Interview of John Vratil, September 13, 2022
Interviewed by Joan Wagnon and David Heinemann
Senator John Vratil served 14 years in the Kansas Senate, chairing the Judiciary committee 8 of those years and serving as Senate Vice-President for 10 years. Vratil was a leader in the Senate on both education issues as well as judiciary issues. He served on the Judicial Council helping the courts coordinate policy initiatives with the Administration and Legislature. He discusses the change in the power structure of the Senate, from "moderate Republican to Right Wing Conservative." He cites medicaid expansion as one example of a popular issue with the public, but not with the new "right-wing" conservative majority. He comments the declining number of lawyers in both the Senate and House may be due to the low salaries.
Conservative movement; Criminal justice reform; Culture of the Legislature; Death Penalty; gaming; Legislature, interactions with governor; Local Option Budget (LOB); Medicaid; Moderate; Montoy v. State of Kansas; Rule of Law; Senate Judiciary; Separation of Powers
John Vratil, Class of 1971, received the Distinguished Alumni Award from Kansas University in 2022 saying, "John Vratil’s devotion to improving the educational system for all Kansans is worthy of merit. The law school is honored to have him as a graduate.” Vratil graduated from KU with a Bachelor’s in Education in 1967 and a law degree in 1971, having served as an editor of the Kansas Law Review. He received a scholarship through KU’s Direct Exchange Program and continued his studies abroad at the University of Exeter in England. Vratil was a partner with the law firm of Lathrop & Norquist (later Lathrop & Gage) from 1992 to 2011, where his litigation practice focused on matters involving school law and finance, property taxation, contracts, employment claims, secured transactions, real estate and zoning. He currently serves as general counsel for the Blue Valley Unified School District. A Republican representing the 11th District, Vratil was first elected in 1998 and served three terms in the Kansas Senate, including 11 years as Senate vice president. Vratil was president of the Kansas Bar Association in 1995-1996 and served on the Kansas Judicial Council from 2001-2009. In 2012, he received the Friend of Education Award from the Blue Valley School District and the Leawood Chamber of Commerce Hall of Fame Award.
Joan Wagnon: We’re here today with former Senator John Vratil to gather information about the years he spent in the Kansas legislature, his perceptions of what has happened in policy, politics, and governance since then. We are particularly interested in Senator Vratil’s interactions with the judicial system as a lawyer and as a former Chair of the Senate Judiciary Committee. This committee is important in our new series on the Kansas Courts and the Rule of Law, and this program is funded in part by Humanities Kansas and fueled by lots of volunteer energy. One of the volunteers is my friend Dave Heinemann, with whom I served in the legislature. He is going to assist today in asking questions of Senator Vratil. And our good friend Mary Galligan is running the Zoom for us today. So with those introductions, Senator Vratil, maybe I could ask you to introduce yourself, please.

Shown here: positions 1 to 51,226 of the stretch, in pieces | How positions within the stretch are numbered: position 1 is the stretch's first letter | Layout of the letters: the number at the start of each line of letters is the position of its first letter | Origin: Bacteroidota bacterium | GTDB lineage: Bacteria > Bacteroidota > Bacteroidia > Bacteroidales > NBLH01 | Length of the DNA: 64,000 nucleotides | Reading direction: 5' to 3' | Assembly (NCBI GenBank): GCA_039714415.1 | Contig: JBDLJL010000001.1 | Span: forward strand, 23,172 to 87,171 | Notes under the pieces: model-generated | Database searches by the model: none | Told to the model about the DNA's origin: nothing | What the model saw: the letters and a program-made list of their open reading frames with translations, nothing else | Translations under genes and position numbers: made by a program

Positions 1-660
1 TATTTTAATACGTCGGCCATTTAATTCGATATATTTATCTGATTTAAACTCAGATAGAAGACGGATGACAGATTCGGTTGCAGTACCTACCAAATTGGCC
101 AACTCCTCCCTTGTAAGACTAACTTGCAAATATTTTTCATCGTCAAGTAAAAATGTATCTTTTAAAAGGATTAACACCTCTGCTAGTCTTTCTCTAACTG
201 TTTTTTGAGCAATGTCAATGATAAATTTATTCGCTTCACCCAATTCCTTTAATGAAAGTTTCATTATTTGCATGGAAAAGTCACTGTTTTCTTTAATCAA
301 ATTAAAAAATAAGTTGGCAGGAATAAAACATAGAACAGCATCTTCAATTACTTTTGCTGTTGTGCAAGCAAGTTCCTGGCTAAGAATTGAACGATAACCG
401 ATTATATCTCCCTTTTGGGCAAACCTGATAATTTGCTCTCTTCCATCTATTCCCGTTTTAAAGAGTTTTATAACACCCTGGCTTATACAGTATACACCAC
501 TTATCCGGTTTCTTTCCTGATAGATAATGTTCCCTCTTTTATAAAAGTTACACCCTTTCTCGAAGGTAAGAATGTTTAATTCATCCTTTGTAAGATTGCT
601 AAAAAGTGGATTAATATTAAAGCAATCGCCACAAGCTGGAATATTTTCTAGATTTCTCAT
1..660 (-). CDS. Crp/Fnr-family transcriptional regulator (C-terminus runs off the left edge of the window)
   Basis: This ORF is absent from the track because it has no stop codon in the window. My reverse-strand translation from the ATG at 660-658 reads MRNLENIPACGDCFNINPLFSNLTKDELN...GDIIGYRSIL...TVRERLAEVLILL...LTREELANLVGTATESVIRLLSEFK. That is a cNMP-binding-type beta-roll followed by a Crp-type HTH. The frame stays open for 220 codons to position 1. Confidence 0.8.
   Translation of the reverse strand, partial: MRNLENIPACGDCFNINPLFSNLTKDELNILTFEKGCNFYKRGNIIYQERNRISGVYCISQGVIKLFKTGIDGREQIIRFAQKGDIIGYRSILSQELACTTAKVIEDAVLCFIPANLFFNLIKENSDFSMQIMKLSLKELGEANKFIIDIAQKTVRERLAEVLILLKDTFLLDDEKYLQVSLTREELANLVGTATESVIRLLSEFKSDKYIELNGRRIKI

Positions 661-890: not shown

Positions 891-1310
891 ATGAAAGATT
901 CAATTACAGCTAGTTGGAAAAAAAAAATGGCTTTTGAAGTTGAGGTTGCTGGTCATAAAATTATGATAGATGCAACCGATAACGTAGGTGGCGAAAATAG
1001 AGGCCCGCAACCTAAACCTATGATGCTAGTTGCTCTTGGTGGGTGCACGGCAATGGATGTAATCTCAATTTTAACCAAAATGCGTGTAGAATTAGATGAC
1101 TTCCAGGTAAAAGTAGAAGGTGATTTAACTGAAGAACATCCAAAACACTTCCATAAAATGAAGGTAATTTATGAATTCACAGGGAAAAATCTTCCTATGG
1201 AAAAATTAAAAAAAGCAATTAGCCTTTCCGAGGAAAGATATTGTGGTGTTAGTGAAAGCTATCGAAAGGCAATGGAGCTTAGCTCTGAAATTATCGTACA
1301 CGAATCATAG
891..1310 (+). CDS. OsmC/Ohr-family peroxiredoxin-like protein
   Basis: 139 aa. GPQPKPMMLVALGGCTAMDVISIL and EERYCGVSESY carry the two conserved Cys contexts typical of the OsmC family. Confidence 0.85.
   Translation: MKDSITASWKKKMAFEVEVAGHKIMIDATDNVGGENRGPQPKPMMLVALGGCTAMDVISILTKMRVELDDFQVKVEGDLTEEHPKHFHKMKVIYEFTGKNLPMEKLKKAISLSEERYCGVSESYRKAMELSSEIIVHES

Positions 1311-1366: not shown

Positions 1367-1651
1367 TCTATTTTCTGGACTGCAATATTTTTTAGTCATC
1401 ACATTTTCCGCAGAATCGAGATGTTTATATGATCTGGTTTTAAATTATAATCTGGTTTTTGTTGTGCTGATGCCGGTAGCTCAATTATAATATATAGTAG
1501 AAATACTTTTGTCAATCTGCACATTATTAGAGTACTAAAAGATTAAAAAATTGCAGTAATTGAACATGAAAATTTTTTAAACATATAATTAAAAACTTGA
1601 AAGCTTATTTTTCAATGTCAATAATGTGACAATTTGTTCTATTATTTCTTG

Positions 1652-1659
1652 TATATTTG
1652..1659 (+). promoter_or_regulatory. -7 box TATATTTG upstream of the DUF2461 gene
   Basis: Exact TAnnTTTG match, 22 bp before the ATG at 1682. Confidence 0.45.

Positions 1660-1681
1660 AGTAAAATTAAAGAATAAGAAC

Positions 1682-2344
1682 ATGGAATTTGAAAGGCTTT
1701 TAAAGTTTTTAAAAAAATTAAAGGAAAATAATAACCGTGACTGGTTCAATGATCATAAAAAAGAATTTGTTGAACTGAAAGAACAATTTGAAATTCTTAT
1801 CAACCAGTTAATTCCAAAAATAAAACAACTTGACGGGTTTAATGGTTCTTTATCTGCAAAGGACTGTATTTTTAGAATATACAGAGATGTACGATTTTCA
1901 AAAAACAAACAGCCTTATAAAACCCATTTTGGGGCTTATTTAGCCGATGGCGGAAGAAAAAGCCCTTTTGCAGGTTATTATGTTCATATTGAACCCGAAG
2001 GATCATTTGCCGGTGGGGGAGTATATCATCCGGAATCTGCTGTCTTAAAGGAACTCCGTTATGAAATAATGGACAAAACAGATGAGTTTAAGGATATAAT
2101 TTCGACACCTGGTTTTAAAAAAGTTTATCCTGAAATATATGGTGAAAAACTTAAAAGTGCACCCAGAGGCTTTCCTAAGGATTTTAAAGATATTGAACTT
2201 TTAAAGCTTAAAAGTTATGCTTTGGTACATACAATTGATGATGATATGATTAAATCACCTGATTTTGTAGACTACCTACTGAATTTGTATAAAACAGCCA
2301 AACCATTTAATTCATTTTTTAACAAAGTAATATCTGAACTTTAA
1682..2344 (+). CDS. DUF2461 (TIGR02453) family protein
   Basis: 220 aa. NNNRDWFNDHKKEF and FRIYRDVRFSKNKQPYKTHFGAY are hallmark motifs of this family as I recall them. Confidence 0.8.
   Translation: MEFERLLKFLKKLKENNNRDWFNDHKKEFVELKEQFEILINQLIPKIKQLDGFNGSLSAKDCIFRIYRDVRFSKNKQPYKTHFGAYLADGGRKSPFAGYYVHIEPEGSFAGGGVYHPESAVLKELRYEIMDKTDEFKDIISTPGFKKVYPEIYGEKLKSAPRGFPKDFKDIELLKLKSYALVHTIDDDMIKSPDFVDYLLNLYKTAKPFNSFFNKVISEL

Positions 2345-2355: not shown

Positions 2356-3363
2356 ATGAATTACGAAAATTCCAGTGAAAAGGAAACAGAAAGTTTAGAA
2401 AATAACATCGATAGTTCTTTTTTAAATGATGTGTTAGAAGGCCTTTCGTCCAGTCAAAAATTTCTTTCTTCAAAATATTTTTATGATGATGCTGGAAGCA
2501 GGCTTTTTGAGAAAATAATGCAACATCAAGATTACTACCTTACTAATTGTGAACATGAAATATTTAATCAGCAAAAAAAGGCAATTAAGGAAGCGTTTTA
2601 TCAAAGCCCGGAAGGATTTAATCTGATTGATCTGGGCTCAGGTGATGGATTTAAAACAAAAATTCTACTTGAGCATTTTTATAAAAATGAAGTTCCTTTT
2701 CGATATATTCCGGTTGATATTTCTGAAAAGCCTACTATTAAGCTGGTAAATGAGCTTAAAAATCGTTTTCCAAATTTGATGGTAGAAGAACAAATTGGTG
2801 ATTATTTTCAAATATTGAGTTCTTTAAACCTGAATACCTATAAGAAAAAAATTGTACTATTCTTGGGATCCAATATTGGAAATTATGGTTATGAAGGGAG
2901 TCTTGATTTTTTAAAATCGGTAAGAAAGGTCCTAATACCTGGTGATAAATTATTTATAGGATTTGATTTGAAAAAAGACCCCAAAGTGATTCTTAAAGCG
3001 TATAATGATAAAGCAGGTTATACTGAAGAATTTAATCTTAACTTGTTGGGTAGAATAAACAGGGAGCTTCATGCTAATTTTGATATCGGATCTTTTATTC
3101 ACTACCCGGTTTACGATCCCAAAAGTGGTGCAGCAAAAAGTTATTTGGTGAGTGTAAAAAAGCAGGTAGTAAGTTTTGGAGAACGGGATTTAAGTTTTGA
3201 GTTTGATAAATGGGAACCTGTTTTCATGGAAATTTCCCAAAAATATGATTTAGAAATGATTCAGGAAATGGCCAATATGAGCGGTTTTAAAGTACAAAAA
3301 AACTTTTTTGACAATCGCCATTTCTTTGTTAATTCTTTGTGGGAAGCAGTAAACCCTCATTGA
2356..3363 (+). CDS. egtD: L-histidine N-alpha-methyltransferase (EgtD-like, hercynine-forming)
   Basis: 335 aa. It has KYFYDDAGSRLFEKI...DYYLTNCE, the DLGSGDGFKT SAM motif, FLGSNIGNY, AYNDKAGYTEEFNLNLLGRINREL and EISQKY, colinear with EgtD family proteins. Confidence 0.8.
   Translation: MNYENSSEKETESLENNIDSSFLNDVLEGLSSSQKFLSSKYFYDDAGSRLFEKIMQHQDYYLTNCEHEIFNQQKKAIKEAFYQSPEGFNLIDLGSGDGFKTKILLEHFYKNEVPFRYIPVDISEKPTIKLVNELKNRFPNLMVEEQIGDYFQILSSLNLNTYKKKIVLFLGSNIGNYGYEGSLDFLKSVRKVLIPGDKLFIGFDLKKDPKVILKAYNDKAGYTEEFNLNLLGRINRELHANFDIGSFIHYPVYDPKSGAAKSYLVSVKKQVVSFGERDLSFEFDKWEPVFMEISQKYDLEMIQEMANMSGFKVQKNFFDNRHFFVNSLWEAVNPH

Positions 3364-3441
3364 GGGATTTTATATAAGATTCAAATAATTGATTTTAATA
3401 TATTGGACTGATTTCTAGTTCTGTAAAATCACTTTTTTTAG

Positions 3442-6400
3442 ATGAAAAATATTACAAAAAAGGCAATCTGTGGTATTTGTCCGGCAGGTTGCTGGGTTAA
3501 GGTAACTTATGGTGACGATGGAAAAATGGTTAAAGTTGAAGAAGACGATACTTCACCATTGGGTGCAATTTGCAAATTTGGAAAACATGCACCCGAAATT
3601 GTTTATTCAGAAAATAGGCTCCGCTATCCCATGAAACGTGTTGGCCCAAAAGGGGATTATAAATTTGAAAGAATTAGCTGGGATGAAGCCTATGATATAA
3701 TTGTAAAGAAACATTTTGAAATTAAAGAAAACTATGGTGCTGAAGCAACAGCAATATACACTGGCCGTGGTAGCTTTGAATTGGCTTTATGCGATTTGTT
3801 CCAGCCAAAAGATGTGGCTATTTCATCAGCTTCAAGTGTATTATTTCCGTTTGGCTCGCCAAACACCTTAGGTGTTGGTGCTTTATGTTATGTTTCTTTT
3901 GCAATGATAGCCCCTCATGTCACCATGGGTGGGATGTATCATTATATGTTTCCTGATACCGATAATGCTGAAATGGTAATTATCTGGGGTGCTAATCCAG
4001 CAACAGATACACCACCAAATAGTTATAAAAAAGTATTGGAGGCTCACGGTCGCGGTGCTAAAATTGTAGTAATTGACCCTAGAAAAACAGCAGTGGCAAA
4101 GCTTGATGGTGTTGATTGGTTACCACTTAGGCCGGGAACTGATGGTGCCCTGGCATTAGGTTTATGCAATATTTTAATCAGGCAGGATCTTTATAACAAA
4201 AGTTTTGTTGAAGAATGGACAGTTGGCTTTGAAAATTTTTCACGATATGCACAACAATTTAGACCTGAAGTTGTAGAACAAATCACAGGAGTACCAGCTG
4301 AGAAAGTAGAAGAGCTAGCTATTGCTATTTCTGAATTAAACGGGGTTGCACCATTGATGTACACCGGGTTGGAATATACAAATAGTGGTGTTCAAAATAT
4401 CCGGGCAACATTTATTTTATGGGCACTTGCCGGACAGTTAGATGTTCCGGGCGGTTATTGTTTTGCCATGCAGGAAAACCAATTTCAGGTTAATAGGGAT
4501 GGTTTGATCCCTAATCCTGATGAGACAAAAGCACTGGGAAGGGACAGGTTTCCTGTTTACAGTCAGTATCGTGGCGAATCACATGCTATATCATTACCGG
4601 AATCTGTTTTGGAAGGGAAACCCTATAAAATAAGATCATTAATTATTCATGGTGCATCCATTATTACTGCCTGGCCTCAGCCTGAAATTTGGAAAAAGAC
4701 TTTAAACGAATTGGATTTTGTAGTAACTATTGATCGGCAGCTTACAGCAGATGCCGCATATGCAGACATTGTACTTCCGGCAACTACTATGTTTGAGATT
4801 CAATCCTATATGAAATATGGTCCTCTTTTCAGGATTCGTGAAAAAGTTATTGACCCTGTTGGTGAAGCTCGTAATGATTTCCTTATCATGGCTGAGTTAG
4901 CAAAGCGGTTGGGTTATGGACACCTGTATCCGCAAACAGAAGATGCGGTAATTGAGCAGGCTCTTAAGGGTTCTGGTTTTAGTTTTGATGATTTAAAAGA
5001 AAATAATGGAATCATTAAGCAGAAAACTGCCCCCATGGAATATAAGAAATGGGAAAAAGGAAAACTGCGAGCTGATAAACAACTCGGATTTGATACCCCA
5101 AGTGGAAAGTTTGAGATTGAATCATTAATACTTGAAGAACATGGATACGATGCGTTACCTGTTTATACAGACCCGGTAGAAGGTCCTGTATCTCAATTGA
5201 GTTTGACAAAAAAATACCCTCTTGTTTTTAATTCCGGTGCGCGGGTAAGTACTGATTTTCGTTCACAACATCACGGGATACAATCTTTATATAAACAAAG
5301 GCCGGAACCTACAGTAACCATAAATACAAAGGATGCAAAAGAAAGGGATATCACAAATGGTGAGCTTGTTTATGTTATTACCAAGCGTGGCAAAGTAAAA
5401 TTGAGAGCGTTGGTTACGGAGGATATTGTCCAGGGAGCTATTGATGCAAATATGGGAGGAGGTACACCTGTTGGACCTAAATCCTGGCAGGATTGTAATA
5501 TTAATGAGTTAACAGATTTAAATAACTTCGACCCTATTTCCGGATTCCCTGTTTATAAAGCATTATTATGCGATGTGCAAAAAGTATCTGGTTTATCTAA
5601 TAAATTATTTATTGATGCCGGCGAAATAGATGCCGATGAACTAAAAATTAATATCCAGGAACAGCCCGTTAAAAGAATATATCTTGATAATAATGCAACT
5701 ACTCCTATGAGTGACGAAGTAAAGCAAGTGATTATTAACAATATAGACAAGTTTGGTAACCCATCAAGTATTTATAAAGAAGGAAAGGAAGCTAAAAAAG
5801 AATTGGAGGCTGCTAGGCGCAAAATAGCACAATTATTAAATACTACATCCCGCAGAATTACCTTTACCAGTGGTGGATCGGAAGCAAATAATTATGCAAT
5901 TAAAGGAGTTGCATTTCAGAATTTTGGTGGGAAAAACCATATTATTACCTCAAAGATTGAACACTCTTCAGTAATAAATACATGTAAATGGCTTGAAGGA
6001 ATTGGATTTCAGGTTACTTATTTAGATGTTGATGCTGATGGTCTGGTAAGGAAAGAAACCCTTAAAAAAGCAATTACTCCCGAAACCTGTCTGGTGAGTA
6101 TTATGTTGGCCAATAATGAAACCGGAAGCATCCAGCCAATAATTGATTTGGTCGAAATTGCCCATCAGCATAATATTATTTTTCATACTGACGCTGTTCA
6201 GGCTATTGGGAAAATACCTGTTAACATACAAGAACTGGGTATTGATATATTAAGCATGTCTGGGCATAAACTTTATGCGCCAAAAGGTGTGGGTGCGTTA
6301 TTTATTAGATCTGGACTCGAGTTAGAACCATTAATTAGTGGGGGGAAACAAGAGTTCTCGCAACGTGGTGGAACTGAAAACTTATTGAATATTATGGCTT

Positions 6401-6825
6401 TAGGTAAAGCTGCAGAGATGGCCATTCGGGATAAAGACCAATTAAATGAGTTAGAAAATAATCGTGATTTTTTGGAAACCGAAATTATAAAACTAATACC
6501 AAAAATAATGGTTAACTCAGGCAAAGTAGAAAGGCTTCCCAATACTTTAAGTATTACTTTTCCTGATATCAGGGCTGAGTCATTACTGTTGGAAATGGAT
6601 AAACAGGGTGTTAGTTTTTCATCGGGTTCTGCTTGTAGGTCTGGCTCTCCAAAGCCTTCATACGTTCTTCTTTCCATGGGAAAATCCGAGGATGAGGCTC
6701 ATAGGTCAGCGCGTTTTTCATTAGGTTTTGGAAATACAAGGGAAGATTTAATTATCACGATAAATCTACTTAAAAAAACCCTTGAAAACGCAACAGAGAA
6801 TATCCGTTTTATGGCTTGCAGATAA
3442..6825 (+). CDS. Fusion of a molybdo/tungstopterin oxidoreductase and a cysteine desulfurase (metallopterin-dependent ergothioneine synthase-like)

John Vratil: Thank you, Joan. It’s my pleasure. My name is John Vratil [spells]. You can’t imagine the number of times I’ve said that over the years. I have a strange name, and I’m proud of it. I was born on October 28, 1945 in Great Bend, Kansas, but lived with my parents, Frank and Althea, and my sister Peggy and my brother Jim in Larned, Kansas, for all of my early childhood. I lived in Larned until I graduated from Larned High School in 1963. I went to the University of Kansas in Lawrence, where I got a Bachelor of Science degree in Education in 1967.
At that point in time, I went overseas to continue my study. I studied at the University of Southampton, England on a Rotary Foundation fellowship. After completing that study, I came back to the United States and went to law school at the Kansas University School of Law. I graduated from law school in 1971 and decided to spend another year in England. So I managed to get an exchange scholarship by the University of Kansas with the University of Exeter, and I spent several months studying, traveling, and playing basketball. The university basketball team was quite good, and in fact, we ended up winning the national championship in England for that year. It’s something I’ll always remember.
I came back from Exeter and took a job with the law firm of Bennett Lytle in Prairie Village, Kansas. I worked with that firm for eleven years and then joined the firm of Lathrop Koontz and opened an office for them in Overland Park, Kansas. I stayed with Lathrop Koontz for twenty-eight years and retired from Lathrop in 2011.
At that point in time, I decided to take a position with the Blue Valley School District as their in-house legal counsel, and I served in that capacity until 2017. I married my wife. My wife is Teresa Pressgrove Vratil, and we have four children: Alison, Andy, K.C, and Ashley, and we have nine grandchildren. So I’m very pleased.
I should really talk a little bit about my experience in the legislature. I served for fourteen years in the Kansas Senate and enjoyed every minute of it. I never really had a political background, but I found out that I enjoyed that part of it to some extent. I served for ten years as the Vice President of the Kansas Senate and for eight or ten years as Chairman of the Senate Judiciary Committee. And that kind of brings you up-to-date on John L. Vratil.